Excerpts from "the first rough draft of history" as reported in The Washington Post on this date in the 20th century.

Italian immigrants Nicola Sacco, a shoemaker, and Bartolomeo Vanzetti, a fish peddler, were arrested for the 1920 robbery and murder of two men in Braintree, Mass. Their subsequent trial and conviction attracted intense interest because of the widespread belief that the evidence against them was flimsy and that they were being prosecuted because of their anarchist political beliefs. "Did you see what I did to those anarchistic bastards!" the judge was heard to crow later. Appeals and other legal reviews lasted six years, after which the pair was executed. Many historians now believe that Sacco was probably guilty and Vanzetti innocent, but that the evidence was insufficient to convict either one. In 1977, Massachusetts Gov. Michael Dukakis signed a decree clearing their names. An excerpt from The Post of Aug. 23, 1927:

Nicola Sacco and Bartolomeo Vanzetti shortly after midnight this morning paid the penalty of death exacted by the State for murder. ...

Sacco and Vanzetti were executed for the murder of a paymaster and his guard at Braintree more than seven years ago.

Sacco was dead at 12:19 and Vanzetti at 12:26.

Inside and outside of the high prison wall stood a small army of armed guards. Waiting also were the press wires to inform the world that the long fight to save the men was at an end. The fight on behalf of the men continued until the last minute.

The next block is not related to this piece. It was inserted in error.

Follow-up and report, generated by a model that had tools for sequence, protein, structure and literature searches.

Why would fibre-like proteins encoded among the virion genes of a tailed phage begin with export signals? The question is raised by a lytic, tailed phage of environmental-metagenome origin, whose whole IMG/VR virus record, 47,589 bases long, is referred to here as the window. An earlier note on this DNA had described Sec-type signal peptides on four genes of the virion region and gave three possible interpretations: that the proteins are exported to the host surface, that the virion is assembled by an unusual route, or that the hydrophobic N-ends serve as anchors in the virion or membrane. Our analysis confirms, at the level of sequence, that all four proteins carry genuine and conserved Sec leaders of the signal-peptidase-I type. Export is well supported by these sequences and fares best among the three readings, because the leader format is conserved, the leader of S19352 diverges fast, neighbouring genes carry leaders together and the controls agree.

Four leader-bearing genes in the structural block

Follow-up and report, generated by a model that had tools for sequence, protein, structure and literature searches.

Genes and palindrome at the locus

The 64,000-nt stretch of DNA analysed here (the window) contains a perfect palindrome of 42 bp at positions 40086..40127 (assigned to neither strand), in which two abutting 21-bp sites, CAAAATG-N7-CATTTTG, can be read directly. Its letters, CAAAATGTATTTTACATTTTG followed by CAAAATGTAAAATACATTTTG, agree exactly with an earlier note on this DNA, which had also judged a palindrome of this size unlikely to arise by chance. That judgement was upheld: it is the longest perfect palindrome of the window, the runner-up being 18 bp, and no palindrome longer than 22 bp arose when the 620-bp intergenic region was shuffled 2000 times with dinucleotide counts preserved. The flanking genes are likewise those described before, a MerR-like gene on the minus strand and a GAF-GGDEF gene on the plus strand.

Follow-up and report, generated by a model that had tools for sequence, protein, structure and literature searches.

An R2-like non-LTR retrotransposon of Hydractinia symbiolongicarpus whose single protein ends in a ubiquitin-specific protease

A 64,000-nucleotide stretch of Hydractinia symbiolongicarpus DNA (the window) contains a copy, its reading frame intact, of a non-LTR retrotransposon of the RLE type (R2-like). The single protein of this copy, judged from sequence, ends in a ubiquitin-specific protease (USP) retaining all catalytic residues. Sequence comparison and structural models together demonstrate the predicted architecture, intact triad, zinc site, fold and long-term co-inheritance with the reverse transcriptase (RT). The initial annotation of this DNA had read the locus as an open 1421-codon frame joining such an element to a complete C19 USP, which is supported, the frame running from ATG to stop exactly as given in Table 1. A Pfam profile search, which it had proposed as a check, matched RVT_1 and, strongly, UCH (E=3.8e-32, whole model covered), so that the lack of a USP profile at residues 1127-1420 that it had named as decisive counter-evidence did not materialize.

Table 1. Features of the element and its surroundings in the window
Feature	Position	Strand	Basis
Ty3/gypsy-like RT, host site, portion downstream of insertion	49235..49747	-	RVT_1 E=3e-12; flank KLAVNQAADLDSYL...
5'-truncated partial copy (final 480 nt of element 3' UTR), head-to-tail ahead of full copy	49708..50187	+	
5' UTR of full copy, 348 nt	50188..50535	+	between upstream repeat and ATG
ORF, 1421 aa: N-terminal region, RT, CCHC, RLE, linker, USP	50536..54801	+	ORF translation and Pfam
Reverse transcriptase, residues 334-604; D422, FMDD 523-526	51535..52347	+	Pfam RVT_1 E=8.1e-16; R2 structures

Both Sacco and Vanzetti made brief speeches in the death chamber before they took their seats in the chair, Vanzetti protesting his innocence to the last.

Sacco, pale but steady, shouted in Italian: "Long live anarchy!" as he sat down in the chair.

Then, in broken English, he went on: "Farewell, my wife and child and all my friends." The straps were being adjusted as he said his last words:

"Good evening, gentlemen! Farewell, mother!"

Vanzetti entered the death chamber the calmest ... Shaking hands with two of the guards as he came through the door of the execution chamber, he walked unassisted to the chair and seated himself.

As the guards began the hasty adjustment of straps to his head and body he began a speech.

In the broken English that characterized his dramatic plea for "justice" when sentence was passed on him in Dedham on April 9, he declared:

"I wish to tell you I am innocent and never connected with any crime, but some time some sin. I thank you for everything you have done for me. I am innocent of all crime not only of this one but all. I am an innocent man."

Then, just as the guards slipped the straps and headcap in place, cutting off further speech, he shouted:

"I wish to forgive some people for what they are now doing to me."